From our point of view, on the other hand, production is a creative, social activity. Economic growth is not a matter of allowing an exiting material process to continue operating through time, but of learning how to work together in new ways. The fundamental problem is coordination, not allocation.  From this point of view, the technical conditions of production are endogenous to the organization of production, and the money payments that structure it. So it’s natural to think that aggregate expenditure could be an important factor determining the pace at which productive activity can be reorganized.

Now, whether demand actually does matter in the longer run is hotly debated point in heterodox economics. You can find very smart Post Keynesians like Steve Fazzari arguing that it does, and equally smart Marxists like Dumenil and Levy arguing that it does not. (Amitava Dutt has a good summary; Mark Setterfield has a good recent discussion of the formal issues of incorporating demand into Kaldorian growth models.) But within our framework, at least it is possible to ask the question.

Which brings me to this recent article in the Real World Economic Review. I don’t recommend the piece — it is not written in a way to inspire confidence. But it does make an interesting claim, that over the long run there is an inverse relationship between unemployment and labor productivity growth in the US, with average labor productivity growth equal to 8 minus the unemployment rate. This is consistent with the idea that demand conditions influence productivity growth, most obviously because pressures to economize on labor will be greater when labor is scarce.

A strong empirical regularity like this would be interesting, if it was real. But is it?

Here is one obvious test (a bit more sensible to me than the approach in the RWER article). The figure below shows the average US unemployment rate and real growth rate of hourly labor productivity for rolling ten-year windows.

It’s not exactly “the rule of 8” — the slope of the regression line is just a big greater than -0.5, rather than -1. But it is still a striking relationship. Ten-year periods with high growth of productivity invariably also have low unemployment rates; periods of high average unemployment are invariably also periods of slow productivity growth.

Of course these are overlapping periods, so this tells us much less than it would if they were independent observations. But the association of above-average productivity growth with below-average unemployment is indeed a historical fact, at least for the postwar US. (As it turns out, this relationship is not present in most other advanced countries — see below.) So what could it mean?

1. It might mean nothing. We really only have four periods here — two high-productivity-growth, low-unemployment periods, one in the 1950s-1960s and one in the 1990s; and two low-productivity-growth, high-unemployment periods, one in the 1970s-1980s and one in the past decade or so. It’s quite possible these two phenomena have separate causes that just happened to shake out this way. It’s also possible that a common factor is responsible for both — a new technology-induced investment boom is the obvious candidate.

2. It might be that high productivity growth leads to lower unemployment. The story here I guess would be the Fed responding to a positive supply shock. I don’t find this very plausible.

3. It might be that low unemployment, or strong demand in general, fosters faster productivity growth. This is the most interesting for our purposes. I can think of several versions of this story. First is the increasing-returns story that originally motivated Verdoorn’s law. High demand allows firms to produce further out on declining cost curves. Second, low unemployment could encourage firms to adopt more labor-saving production techniques. Third, low unemployment might associated with more rapid movement of labor from lower-productivity to higher-productivity activities. (In other words, the relationship might be due to lower visible unemployment being associated with lower disguised unemployment.) Or fourth, low unemployment might be associated with a relaxing of the constraints that normally limit productivity-boosting investment — demand itself, and also financing. In any of these stories, the figure above shows a causal relationship running from the x-axis to the y-axis.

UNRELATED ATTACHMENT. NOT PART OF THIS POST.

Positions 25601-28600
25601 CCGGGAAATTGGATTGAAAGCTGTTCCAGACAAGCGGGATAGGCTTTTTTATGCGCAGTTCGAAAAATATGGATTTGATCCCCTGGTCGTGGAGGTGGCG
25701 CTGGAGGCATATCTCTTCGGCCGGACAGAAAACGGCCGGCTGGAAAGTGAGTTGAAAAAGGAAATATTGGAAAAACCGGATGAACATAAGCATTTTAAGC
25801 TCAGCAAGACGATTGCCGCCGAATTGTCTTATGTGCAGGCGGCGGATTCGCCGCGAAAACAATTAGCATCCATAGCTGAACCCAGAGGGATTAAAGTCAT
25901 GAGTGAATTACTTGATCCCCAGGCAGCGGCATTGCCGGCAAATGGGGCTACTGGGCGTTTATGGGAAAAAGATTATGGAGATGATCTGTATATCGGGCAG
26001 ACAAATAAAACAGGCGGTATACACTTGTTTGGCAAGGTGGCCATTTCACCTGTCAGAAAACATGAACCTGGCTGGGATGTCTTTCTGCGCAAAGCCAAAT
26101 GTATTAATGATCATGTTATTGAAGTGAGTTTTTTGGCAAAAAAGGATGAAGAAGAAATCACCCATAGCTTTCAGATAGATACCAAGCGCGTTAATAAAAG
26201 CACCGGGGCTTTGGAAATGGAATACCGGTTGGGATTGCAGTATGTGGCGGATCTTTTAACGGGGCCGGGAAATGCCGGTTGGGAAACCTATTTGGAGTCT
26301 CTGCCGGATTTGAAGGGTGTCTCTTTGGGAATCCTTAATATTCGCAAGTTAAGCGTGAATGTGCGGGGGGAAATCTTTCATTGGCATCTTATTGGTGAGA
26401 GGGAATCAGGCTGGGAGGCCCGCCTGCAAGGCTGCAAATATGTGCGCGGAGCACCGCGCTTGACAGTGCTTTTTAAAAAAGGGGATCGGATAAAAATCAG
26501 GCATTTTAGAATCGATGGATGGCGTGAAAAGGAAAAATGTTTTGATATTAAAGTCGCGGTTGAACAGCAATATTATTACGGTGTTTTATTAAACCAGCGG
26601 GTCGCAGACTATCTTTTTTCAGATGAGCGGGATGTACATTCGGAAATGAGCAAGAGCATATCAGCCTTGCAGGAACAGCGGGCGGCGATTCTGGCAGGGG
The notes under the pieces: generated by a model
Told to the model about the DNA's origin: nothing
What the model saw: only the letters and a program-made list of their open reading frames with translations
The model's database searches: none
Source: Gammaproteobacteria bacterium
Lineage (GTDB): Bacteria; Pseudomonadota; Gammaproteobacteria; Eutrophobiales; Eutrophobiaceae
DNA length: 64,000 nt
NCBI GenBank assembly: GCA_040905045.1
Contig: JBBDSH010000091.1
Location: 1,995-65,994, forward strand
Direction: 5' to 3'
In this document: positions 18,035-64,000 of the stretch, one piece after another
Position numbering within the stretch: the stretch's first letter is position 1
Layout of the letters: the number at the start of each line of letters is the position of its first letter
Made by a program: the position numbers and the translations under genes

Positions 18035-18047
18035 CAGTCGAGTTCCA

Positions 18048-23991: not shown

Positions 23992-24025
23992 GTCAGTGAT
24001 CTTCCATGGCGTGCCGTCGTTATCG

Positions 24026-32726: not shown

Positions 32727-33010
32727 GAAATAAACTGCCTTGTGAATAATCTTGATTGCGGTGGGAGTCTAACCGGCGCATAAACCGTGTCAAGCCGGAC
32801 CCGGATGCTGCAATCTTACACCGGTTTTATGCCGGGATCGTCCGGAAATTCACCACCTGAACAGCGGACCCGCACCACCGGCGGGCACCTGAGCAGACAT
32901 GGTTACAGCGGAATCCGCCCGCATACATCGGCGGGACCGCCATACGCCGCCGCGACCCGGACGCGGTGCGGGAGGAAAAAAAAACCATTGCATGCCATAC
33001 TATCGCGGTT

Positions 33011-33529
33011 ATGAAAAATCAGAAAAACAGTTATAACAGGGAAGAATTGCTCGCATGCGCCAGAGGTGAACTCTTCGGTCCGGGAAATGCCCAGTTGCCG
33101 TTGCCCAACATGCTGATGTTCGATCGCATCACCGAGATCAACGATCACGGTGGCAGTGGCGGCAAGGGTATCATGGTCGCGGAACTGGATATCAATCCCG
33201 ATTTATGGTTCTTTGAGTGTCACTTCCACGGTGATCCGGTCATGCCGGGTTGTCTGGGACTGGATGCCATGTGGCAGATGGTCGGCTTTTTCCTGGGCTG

One scatterplot of course hardly proves anything. I’m really just posing the question. Still, this one figure is enough to establish one thing: A positive relationship between unemployment and labor productivity has not been the dominant influence on either variable in the postwar US. In particular, this is strong evidence against the idea the idea of technological unemployment, beloved by everyone from Jeremy Rifkin to Lawrence Summers. (At least as far as this period is concerned — the future could be different.) To tell a story in which paid labor is progressively displaced by machines, you must have a positive relationship between labor productivity and unemployment. But historically, high unemployment has been associated with slower growth in labor productivity, not faster. So we can say with confidence that whatever has driven changes in unemployment over the past 75 years, it has not been changes in the pace at which human labor is replaced by technology.

The negative relationship between unemployment and productivity growth, whatever it means, turns out to be almost unique to the US. Of the dozen or so other countries I looked at, the only one with a similar pattern is Japan, and even there the relationship is weaker. I honestly don’t know what to make of this. But if you’re interested, the other scatterplots are below the fold.

Note: Labor productivity is based on real GDP per hour, from the BLS International Labor Comparisons project; unemployment is the harmonized unemployment rate for all persons from the OECD Main Economic Indicators database. I used these because they are (supposed to be) defined consistently across countries and were available on FRED. Because the international data covers shorter periods than the US data does, I used 8-year windows instead of 10-year windows.